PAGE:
Cisco second-quarter sales, profit fall
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Cisco Systems Inc.'s revenue and net income for its fiscal second quarter fell from a year earlier as the company grappled with the global economic downturn.
Revenue for the quarter that ended Jan. 24 was $9.1 billion, down 7.5% from the second quarter of fiscal 2008. Profits fell even more steeply, with net income hitting $1.5 billion, down 27% from a year earlier. Cisco earned 26 cents per share, down more than 20% from the earlier quarter.
However, the company did meet Wall Street analysts' expectations for revenue and for earnings, not counting special items. Analysts surveyed by Thomson Reuters had expected revenue of $9 billion and earnings of 30 cents per share.
"Cisco showcased solid financial strength during a period of significant economic challenge," Chairman and CEO John Chambers said in a statement. "We remain comfortable with our long-term vision and strategy as we move into new market adjacencies and prioritize our existing opportunities."
The gloomy results come after a string of major IT companies reported losses or dramatic revenue and profit falls for periods coinciding with the stock-market and credit crash last year.
Cisco sees hard times continuing for the near future, forecasting that revenue for the current quarter will be down between 15% and 20% from a year earlier, Chambers said. Business slowed during the second quarter and was down 20% year over year in January, he said.
"The environment has continued to change dramatically in the last few months," Chambers said. "It is clear now that we are in a global economic slowdown. ... [Cisco] will obviously be impacted."
The company is not considering layoffs today, Chambers said, defining that as a cut of 10% or more of its workforce. But as the company goes through its normal realignment of resources, that could result in job reductions of 1,500 to 2,000 in the near term, he said. Overall, Cisco is ahead of its plan to cut expenses by $1 billion per year.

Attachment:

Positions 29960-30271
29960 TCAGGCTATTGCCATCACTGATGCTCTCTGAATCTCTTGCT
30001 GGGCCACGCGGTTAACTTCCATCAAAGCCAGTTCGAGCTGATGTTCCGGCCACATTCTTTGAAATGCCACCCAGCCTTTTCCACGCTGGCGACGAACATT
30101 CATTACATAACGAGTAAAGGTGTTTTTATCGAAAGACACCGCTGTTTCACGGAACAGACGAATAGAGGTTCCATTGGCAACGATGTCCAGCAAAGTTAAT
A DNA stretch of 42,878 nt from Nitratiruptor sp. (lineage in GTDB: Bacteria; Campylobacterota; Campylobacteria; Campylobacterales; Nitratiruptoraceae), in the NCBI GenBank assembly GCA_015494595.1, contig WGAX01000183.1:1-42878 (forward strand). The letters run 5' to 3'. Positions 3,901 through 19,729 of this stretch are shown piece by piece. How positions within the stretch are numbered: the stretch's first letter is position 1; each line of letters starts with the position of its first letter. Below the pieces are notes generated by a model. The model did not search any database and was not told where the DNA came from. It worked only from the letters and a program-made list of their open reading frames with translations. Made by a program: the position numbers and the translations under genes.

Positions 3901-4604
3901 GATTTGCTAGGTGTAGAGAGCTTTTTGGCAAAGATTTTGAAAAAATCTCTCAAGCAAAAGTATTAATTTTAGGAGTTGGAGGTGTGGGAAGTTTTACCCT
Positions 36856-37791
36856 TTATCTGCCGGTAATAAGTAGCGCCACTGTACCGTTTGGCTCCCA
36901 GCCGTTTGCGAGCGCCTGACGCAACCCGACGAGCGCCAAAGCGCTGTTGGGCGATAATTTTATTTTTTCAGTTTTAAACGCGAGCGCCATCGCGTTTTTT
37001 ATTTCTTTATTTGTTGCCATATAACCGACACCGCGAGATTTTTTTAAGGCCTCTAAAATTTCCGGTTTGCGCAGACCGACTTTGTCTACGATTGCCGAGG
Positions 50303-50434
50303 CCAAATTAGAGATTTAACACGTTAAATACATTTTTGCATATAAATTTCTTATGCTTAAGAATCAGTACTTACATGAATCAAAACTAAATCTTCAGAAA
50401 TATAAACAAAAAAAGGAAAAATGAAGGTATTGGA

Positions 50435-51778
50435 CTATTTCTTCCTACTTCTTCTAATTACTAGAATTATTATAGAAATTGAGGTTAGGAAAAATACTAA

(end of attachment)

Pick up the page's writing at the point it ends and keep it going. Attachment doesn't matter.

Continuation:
Funding priority will be going to Cisco's top five opportunities, according to Chambers. Those are next-generation company and customer relations, dubbed Cisco 3.0; collaboration and Web 2.0; video; data centers and virtualization; and globalization, he said.
The company will also continue with its plan to invest in emerging economies, with China and India in the first wave of that strategy and Mexico, Brazil, Saudi Arabia and Russia coming in the second, Chambers said.
The CEO said most executives he talks with don't expect a recovery until 2010, but Chambers noted that he is more optimistic. The U.S. and other governments have generally responded well to the world financial crisis, he said, providing hope for a possible upturn before the end of this year. The recovery will begin in the U.S., and the rest of the world will follow, he said.
"President Obama's off to a great start, and I think his economic team is world-class," Chambers said.
The quarter's results did vary by country, with growth in product orders of more than 10% in Mexico, Germany, Austria and Switzerland, and particularly steep drops in orders in the U.S., the U.K., Italy and Russia, Chambers said. Routers were the hardest-hit product category in the quarter, with revenue down about 23%, while video equipment revenue was a bright spot with 18% growth.
In after-hours trading late Wednesday, Cisco's Nasdaq shares (CSCO) were down 72 cents, at $15.12.